These clever mechanisms kick in within hours and rarely fail, except when they are overloaded - as at Chernobyl, where most of the emergency workers who received a dose greater than 4,000 mSv over a few hours died within weeks.
Continue reading the main story
“Start Quote

Some might ask whether I would accept radioactive waste buried 100 metres under my own house?”

However, patients receiving a course of radiotherapy usually get a dose of more than 20,000 mSv to vital healthy tissue close to the treated tumour. This tissue survives only because the treatment is spread over many days giving healthy cells time for repair or replacement.

In this way, many patients get to enjoy further rewarding years of life, even after many vital organs have received the equivalent of more than 20,000 years' dose at the above internationally recommended annual limit - which makes this limit unreasonable.

A sea-change is needed in our attitude to radiation, starting with education and public information.

Then fresh safety standards should be drawn up, based not on how radiation can be excluded from our lives, but on how much we can receive without harm - mindful of the other dangers that beset us, such as climate change and loss of electric power. Perhaps a new acronym is needed to guide radiation safety - how about As High As Relatively Safe (AHARS)?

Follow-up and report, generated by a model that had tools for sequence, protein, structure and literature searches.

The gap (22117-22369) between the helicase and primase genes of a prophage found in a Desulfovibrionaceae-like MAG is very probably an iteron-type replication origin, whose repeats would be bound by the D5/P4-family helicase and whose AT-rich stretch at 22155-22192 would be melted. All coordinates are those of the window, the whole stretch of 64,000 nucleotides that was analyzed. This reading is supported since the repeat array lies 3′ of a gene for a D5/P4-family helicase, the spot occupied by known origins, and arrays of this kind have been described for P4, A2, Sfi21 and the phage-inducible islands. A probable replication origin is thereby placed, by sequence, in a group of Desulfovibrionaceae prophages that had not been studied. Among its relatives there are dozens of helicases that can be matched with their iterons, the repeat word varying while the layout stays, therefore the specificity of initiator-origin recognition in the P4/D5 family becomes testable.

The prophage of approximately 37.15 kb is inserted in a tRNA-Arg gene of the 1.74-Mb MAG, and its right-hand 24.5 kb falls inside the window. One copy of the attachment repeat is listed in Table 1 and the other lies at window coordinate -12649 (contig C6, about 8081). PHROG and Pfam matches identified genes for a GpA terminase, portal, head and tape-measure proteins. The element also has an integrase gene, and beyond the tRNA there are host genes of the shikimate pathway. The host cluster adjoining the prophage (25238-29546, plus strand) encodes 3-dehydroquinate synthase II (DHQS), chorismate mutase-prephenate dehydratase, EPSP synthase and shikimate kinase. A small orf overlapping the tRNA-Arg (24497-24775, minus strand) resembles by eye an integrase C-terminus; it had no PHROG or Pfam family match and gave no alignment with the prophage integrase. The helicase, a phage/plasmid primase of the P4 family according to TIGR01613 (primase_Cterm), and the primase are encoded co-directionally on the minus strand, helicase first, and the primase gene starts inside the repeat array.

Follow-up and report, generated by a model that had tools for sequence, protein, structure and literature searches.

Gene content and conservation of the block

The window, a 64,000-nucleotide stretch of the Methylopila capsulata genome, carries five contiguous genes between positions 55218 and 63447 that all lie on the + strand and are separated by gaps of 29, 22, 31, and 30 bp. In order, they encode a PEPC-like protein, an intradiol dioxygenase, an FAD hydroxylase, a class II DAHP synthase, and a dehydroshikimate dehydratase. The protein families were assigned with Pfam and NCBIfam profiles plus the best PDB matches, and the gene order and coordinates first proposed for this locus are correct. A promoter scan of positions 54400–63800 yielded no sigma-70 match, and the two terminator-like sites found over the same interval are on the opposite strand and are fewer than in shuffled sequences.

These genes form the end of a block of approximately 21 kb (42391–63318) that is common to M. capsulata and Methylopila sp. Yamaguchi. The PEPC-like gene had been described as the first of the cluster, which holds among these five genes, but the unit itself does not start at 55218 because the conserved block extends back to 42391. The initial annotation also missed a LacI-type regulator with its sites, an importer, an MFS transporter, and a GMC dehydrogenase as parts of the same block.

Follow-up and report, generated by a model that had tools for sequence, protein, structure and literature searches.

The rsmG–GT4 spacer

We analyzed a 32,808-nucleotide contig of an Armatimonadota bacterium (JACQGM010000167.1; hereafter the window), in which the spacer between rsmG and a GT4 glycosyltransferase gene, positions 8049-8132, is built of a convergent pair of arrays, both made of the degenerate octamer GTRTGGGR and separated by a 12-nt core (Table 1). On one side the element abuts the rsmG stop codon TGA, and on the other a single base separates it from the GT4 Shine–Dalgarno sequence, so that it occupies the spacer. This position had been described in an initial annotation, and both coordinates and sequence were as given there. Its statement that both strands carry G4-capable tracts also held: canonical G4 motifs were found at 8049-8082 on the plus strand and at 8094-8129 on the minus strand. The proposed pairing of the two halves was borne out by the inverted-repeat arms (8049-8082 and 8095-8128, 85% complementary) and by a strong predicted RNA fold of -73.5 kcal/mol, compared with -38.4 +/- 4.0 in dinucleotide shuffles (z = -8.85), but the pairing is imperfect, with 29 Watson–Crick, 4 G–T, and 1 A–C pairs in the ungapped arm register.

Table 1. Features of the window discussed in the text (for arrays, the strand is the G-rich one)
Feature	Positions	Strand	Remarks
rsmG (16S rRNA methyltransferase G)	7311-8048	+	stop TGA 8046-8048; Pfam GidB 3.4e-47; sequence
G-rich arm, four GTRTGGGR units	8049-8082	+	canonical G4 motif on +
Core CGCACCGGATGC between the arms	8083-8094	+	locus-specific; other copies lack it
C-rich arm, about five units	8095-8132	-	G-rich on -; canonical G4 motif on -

Modern reactors are better designed than those at Fukushima - tomorrow's may be better still, but we should not wait. Radioactive waste is nasty but the quantity is small, especially if re-processed. Anyway, it is not the intractable problem that many suppose.

Some might ask whether I would accept it if it were buried 100 metres under my own house? My answer would be: "Yes, why not?" More generally, we should stop running away from radiation.

Wade Allison is a nuclear and medical physicist at the University of Oxford, the author of Radiation and Reason (2009) and Fundamental Physics for Probing and Imaging (2006).


03. 2011年4月25日 15:02:51: nYZ8lFOaMo
>George Monbiot,・・・who also knows nothing about radiation and health・・・he(Monbiot) asked me(Dr.busby) a few years ago to explain why internal and external radiation exposure cannot be considered to have the same health outcomes. He ignored what I said and wrote for him (with references) and promptly came out in favour of nuclear energy in his next article.